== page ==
Originally written in Dutch, Utopia for Realists has been translated in several languages since and is popularly advertised as a book aiming to reconstruct the modern world. The author Rutger Bregman is a Dutch historian, often labeled as one of the greatest young thinkers of Europe.
Working as a journalist, he wrote articles for an online journal in Dutch. Due to the positive response to these articles, it was compiled into a book and published. He is also known for his TED Talks on related topics.
A tagline of the book is “how we can build the ideal world”, which is what it is widely publicized as. A popular narrative style of Bregman is to include historical anecdotes to his ideas – which can either point the idea to a negative or a positive direction. He clearly states what is to be followed and what habits must be left behind.
1. The impossibility of revolutionizing the world
Most people we come across have a certain vision of the world. The vision includes a clear distinction between the poor and the rich. A clear gap between the privileged and unprivileged. The gap may or may not be viewed in an exaggerated form, but several bodies are working towards bridging this gap. Still, many believe a reality where everyone will stand on the same ground is an impossibility. Bregman disagrees and says that the inability of people to broaden the horizons of their imagination does not correspond to the impossibility of the world-changing.
2. Giving money to the poor
A popular notion in capitalist countries is that giving money to the poor makes them lazy and encourages them to never work again. However, Bregman has noticed the opposite reaction. A study done at the Massachusetts Institute of Technology (MIT) suggests that when the poor are supplied with money, they are benefitted in the long term. It promotes nutrition, ownership, and income.
Bregman suggests that this form of encouragement is less expensive than programs for the poor. Such steps have a lasting effect on the families and help them overcome the burden of poverty. Taking it as a form of encouragement, the poor are observed to indulge less in habits such as alcohol consumption and smoking. Children are the biggest victims of poverty, with a long-term detriment with the poorer income.
When given money, poor children are the most benefitted. Studies have shown they have better physical and mental development, have more opportunities for education, and are well-fed. A steady income also supposedly decreases the rate of reproduction and discourages having large families.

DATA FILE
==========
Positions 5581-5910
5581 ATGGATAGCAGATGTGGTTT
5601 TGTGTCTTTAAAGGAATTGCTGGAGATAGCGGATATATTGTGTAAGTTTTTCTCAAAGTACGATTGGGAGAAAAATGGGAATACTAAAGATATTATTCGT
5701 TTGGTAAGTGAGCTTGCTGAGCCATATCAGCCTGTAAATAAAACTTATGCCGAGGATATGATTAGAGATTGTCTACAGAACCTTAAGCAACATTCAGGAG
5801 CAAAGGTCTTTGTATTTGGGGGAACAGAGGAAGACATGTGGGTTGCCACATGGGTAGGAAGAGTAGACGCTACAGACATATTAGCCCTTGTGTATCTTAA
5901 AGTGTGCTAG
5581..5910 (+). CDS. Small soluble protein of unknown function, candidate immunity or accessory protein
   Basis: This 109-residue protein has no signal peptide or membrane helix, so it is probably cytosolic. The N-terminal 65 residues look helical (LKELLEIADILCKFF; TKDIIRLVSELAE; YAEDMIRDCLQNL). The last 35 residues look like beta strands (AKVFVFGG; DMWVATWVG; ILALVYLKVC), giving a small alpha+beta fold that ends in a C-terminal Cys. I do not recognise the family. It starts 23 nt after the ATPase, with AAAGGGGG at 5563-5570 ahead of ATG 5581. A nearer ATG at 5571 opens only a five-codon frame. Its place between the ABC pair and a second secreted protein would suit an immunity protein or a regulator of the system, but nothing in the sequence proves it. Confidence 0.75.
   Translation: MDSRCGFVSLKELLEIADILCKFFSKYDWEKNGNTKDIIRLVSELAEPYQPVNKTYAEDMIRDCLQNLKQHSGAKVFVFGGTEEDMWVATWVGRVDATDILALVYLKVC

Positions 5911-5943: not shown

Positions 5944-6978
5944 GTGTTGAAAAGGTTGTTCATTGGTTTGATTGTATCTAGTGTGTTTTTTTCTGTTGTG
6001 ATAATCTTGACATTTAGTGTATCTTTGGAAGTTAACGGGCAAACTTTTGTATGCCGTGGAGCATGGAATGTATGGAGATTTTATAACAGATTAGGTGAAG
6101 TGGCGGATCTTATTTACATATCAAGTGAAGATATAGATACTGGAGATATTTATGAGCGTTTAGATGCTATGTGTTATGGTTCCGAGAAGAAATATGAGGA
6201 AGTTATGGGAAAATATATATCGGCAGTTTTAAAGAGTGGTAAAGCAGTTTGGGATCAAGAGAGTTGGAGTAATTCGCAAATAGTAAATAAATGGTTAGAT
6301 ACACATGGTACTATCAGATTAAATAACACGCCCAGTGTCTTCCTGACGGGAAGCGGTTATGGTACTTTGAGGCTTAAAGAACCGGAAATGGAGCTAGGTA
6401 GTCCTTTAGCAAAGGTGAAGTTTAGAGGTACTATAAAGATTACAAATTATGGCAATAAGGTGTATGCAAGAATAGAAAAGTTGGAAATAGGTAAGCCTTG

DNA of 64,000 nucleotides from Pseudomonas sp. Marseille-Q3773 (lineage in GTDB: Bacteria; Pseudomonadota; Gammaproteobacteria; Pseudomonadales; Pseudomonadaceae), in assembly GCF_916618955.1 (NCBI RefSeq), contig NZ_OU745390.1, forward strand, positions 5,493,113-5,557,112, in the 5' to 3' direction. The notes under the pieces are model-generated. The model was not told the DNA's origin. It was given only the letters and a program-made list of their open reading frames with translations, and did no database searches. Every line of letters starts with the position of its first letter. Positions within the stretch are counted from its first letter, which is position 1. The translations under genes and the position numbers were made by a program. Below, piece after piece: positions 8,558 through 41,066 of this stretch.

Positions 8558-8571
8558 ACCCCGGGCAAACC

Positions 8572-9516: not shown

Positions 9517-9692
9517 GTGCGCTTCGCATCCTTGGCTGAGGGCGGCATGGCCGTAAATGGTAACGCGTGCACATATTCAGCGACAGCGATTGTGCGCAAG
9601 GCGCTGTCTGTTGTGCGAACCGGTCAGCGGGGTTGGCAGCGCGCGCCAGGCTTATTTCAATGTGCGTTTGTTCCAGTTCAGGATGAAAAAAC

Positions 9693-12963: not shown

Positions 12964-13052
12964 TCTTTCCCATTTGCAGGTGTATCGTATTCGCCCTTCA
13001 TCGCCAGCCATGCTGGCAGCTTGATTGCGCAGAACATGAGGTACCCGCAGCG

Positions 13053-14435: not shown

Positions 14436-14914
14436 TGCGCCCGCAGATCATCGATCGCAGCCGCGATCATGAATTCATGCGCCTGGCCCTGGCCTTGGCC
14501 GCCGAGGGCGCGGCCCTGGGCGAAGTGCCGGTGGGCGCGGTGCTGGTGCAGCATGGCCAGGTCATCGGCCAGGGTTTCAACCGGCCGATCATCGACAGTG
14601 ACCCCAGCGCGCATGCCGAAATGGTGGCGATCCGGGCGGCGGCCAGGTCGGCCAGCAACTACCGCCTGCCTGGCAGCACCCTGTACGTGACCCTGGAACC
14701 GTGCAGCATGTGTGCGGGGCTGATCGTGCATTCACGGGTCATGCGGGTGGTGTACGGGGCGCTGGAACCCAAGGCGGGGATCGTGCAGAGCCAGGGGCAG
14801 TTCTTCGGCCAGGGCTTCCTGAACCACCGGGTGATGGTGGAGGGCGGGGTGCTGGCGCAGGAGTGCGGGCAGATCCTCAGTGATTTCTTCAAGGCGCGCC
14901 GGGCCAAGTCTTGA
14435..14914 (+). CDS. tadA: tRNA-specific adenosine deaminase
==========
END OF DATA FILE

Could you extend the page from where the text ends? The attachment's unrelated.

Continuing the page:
3. The poor should not be blamed for their plight
Contrary to popular belief, most people are not happy when unemployed. Unemployment is a vulnerable state to live in – and has been associated with the inculcation of bad company and toxic habits. Since employment is the basis of security in the modern world, unemployment can have a toll on the mental condition of a person and steer on the wrong path.
People attribute the reason for being poor to poor people. They assume that it is their decision to remain unemployed and live their life out in poverty. The decisiveness of the poor are constantly criticized, and the blame is piled on.
While the poor must be held accountable for their illogical decisions, it must not be put on their conscience, but their mental status must also be put into consideration. Poor have something called a ‘tunnel vision’ which restricts them to find alternatives out of their situation and keeps them confined to their life.
4. Aid from the side of the government
Countries that hesitate to pay for the poor must reconsider their decisions since such schemes pay for themselves in the longer run. The people directly benefitted from these schemes – that is, the children – will grow up to be responsible and financially independent citizens of the country.
A general observation is that education is the way out of poverty. Investment in education is a burden for the poor and must be facilitated by the government by propagating educational schemes.
The two evident ways in which the government can aid the poor is by helping them to get educational opportunities and secure housing. Several states and countries have implemented these and are seeing tremendous results. Bearing in mind the tunnel vision of the poor, the implementation of the schemes must be done in an orderly and patient manner.
Bureaucracy tends to discourage the poor. Several are unable to understand the importance of the same and do not wish to indulge in these practices since such situations are out of their comfort zones. To help the poor, the poor must be primed to accept the help.
5. Learning from the mistakes of the past
Bregman lists several world leaders of the past who have driven the thought of the poor being lazy. Everyone from Marx to Nexon chose to ignore the condition of the poor and continue the trend having them fend for themselves without any extrinsic support.